7 Cartoon Strip Structures Micro-structures: inter-frame relationships: shot-reverse shot, zoom in/out, repetition, contrast, Q/A, moment-moment, action-action, subject-subject, scene-scene, aspect-aspect, non-sequitur, flash-forwards, flashback, …Macro-structures: Consistent style; narrative structure e.g. beginning (setting/ characters/ actions), middle (problem, effect), possible solution/cliffhangerComic strip narrative structure is often similar to that of mainstream film and television e.g. 4-act structure (setup, complication, development, resolution)So comic strips are a good place for pupils to start the study of narrative
8 MangaStyle that tries to make the audience identify with rather than simply observe actionIconic rather than realistic facesStrong sense of place e.g. near photographic real world detailSubjective effects e.g. motion lines, low/high angleBroad range of character designsExpressive design e.g. big close-ups, expressionistic montages and backgrounds
9 Analysing a Comic Strip Analyse a comic strip:Identify modal elements & their connotations/reasons for useIdentify genre and target readerIdentify stages in the narrativeEvaluate artistry (degree of lifelikeness, artwork, use of repetition & contrast, expressive breaking of basic conventions)Evaluate representations e.g. stereotypes, non-stereotypes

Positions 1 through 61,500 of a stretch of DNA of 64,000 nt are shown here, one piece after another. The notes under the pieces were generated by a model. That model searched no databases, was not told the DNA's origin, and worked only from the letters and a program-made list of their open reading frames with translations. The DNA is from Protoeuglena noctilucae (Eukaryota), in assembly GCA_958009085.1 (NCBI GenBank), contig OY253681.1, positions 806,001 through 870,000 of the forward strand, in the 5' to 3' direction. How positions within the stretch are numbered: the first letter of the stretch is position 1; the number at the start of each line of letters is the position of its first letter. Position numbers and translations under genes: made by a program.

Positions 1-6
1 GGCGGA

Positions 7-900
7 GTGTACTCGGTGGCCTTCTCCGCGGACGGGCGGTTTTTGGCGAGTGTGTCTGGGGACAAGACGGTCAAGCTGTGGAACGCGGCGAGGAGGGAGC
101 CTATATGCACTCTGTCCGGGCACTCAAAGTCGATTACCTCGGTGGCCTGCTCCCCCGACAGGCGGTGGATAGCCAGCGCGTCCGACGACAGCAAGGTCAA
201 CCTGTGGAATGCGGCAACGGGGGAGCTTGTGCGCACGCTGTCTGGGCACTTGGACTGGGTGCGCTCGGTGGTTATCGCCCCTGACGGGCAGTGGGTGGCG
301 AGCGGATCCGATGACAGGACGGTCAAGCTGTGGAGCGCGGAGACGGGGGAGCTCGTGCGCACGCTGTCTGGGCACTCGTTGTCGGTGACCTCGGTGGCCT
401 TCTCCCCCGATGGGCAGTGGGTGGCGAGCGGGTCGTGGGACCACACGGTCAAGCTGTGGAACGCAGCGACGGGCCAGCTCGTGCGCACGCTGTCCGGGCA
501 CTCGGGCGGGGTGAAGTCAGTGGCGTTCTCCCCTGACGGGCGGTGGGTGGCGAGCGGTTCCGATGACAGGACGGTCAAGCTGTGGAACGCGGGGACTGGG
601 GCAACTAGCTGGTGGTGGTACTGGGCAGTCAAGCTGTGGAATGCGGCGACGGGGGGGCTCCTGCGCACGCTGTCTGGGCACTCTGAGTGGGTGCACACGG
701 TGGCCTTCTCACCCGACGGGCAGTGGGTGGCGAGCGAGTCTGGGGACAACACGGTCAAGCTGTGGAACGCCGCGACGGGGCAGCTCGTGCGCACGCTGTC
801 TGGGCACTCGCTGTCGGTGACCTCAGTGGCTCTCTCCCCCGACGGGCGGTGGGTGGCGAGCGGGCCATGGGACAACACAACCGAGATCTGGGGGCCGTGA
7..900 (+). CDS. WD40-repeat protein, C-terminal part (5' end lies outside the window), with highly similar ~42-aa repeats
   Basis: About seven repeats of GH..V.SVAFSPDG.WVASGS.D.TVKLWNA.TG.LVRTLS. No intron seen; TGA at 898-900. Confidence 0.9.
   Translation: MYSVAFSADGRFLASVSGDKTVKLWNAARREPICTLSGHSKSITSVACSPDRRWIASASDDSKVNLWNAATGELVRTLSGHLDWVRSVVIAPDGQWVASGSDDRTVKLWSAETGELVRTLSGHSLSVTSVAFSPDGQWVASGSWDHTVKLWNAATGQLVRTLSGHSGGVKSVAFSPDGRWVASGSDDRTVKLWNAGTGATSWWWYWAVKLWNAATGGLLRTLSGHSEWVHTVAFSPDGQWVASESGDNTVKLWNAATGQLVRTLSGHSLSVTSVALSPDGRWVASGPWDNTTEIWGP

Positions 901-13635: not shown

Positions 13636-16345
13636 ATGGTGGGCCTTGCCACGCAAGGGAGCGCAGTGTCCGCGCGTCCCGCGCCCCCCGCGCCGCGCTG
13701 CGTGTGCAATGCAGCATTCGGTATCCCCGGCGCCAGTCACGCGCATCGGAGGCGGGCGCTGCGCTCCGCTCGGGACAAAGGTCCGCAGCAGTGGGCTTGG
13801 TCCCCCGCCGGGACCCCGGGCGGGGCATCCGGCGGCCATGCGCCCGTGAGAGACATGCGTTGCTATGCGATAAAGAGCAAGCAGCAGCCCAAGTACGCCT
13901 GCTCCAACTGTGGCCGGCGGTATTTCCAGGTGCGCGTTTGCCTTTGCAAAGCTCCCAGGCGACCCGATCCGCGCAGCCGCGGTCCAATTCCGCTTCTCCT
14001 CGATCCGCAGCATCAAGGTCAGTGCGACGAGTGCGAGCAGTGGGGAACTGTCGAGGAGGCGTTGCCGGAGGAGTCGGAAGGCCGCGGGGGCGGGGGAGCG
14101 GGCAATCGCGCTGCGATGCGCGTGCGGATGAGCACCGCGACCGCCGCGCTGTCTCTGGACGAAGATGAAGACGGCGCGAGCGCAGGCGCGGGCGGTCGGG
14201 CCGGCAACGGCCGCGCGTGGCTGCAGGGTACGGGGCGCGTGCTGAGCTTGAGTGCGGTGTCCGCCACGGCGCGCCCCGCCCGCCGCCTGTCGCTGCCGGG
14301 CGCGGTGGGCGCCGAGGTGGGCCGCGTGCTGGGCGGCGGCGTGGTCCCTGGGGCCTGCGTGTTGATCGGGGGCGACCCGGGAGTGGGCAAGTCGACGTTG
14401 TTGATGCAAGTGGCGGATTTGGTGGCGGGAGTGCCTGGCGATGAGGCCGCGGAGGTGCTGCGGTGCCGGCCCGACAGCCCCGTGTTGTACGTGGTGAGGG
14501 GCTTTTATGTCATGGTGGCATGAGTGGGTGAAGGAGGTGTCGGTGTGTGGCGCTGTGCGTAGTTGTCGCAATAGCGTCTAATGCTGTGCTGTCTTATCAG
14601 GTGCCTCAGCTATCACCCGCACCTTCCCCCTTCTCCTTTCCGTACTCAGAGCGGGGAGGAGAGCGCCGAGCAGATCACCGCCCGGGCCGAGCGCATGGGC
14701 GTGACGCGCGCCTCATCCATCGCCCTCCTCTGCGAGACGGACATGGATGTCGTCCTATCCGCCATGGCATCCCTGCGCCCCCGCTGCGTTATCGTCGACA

10 Creating a Comic Strip 1. Pre-production planning Identify purpose, target audience and genreCreate, evaluate and redraft storyboardDecide on degrees of lifelikeness of characters and settings2. ProductionCollect/capture/create bank of imagesEdit and store images in folder3. Post-productionUse appropriate software to create and redraft comic stripPrint and save in format for distribution (e.g. pdf)